Have we “sheltered” Cursillo from the new Cursillistas or the far away? With fewer candidates annually than 20-30 years ago, it is even more vital that the far away and new Cursillistas be engaged if Cursillo is to remain healthy as an important method by which people can deepen their relationship with Jesus.

    The chosen, pleasure, focus of Cursillo is Jesus, not in making better Catholics (good if it does). Nor is it the primary focus of Cursillo to get new members/keep the movement alive (great if it does), or to put on weekends because team members are spiritually nourished as well. THE focus of Cursillo is that individuals come closer in their relationship with Jesus, and they be introduced to a method that can assist them on their faith journey. Has the focus become blurred?

    My sisters and brothers in Christ, in the transfiguration story, while mountain top experiences are important, we as disciples are called to, and destined for, valley duty. To paraphrase the Salt and Light imagery, while “a city set on a hill (weekend) cannot be hidden”, the light is “put on a stand for ALL to see.”

    Dn Mick Humbert 

  • June 27, 2019 7:59 PM | Cursillo Communications (Administrator)

    My dear fellow Cursillistas, sons and daughters in Christ, This past Corpus Christi Sunday, we witnessed a mysterious rendez-vous .“In those days, Melchizedek, king of Salem, brought out bread and wine,…Then Abram gave him a tenth of everything” (Gen.14: 18-20). This brief encounter between Abram, “our Father in Faith,” and the priest-king Melchizedek is so ancient that it strikes at the very core of what it means to be human. Walking as a child of God means trusting His Promise and Providence, always giving thanks and giving back to God. Tithing is about a lot more than balancing parish budgets or maintaining aging facilities. God gives us everything, and He asks that we give back just a tenth joined to the offering of bread and wine which are transformed into the Most Holy Body and Blood of His Son. Under such humble forms, the Word through whom the universe was made, choses to divest Himself of every appearance of divinity and majesty so that He can be with us. In the Holy Sacrifice of the Mass, Jesus GIVES UP EVERYTHING for us. Yet, the simple tithe (tenth) in response to God’s Providence, often gets twisted, down-played or ignored in our modern materialistic world – even among Catholics. We say things like “God doesn’t care about superficial things like money,” because our spending habits reveal our true priorities. How many of us would be comfortable going over our credit card statement with Christ at our side? St. Erik IX of Sweden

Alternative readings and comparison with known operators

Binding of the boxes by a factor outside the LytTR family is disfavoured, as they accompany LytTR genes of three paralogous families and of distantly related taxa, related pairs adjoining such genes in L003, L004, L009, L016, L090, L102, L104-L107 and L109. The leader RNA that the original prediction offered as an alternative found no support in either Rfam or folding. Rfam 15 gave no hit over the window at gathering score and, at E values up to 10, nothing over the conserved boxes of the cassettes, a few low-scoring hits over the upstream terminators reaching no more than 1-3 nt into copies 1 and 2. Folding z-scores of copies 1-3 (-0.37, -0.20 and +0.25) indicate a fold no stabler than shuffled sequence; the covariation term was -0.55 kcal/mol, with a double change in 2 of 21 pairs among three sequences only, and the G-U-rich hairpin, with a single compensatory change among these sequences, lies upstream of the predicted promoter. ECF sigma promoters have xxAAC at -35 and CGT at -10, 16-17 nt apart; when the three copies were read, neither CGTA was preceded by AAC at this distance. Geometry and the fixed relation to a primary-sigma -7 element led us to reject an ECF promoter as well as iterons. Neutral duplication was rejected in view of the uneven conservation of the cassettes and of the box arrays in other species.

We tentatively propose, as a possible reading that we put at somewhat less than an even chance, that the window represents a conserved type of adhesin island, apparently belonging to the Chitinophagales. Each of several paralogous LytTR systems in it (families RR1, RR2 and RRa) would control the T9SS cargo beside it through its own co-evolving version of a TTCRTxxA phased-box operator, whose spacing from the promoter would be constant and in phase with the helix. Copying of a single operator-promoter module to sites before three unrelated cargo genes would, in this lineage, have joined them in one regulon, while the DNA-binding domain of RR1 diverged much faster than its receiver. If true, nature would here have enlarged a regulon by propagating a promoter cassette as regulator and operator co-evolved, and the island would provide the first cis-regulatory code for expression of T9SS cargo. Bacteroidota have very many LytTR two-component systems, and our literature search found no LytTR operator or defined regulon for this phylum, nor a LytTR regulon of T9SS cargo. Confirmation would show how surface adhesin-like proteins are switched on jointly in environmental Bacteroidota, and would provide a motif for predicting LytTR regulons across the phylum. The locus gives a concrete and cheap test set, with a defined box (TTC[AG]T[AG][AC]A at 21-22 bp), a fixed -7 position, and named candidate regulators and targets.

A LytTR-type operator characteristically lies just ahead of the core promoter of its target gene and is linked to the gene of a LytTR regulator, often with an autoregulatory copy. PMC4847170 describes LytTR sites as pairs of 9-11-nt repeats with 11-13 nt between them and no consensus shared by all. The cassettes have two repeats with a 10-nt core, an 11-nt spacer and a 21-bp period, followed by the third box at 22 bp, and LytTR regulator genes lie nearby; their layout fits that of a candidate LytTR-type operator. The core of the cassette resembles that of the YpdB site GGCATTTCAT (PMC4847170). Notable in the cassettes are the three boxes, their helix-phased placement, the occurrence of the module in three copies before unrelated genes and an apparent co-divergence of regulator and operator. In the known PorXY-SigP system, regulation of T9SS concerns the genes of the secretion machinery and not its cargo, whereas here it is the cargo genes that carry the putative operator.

(d. 1160AD), my Patron, was beheaded after he made the Tithe mandatory for the Swedish nobility. Barbaric, no? But think for a moment of the founding of our nation …High tea taxes?

    A beautiful contrast is St. Juliana of Liege who helped establish the Feast of Corpus Christi. A brilliant and beautiful young woman of Flanders (modern Belgium, and my mother’s homeland) in the 1200s, she was orphaned at age 5 and gave up everything for Christ, her true love, taking the veil as a religious at age 13. Juliana had a deep devotion to the Holy Eucharist from a young age and dreamed that someday there would be a Feast Day dedicated exclusively to Jesus’ Divine Presence in the Blessed Sacrament. At age 16, she had a vision of Our Lord which confirmed His desire for such a Solemnity (Corpus Christi). From her first years as a nun, she ran a hospital, and at age 33 she was made a “Prioress” (a demanding position in medieval Christendom). In her position of authority, she had to stand up to powerful and corrupt men of her day, while still possessing the focus to become one of the first women authors in medieval Europe — and one of first in human history!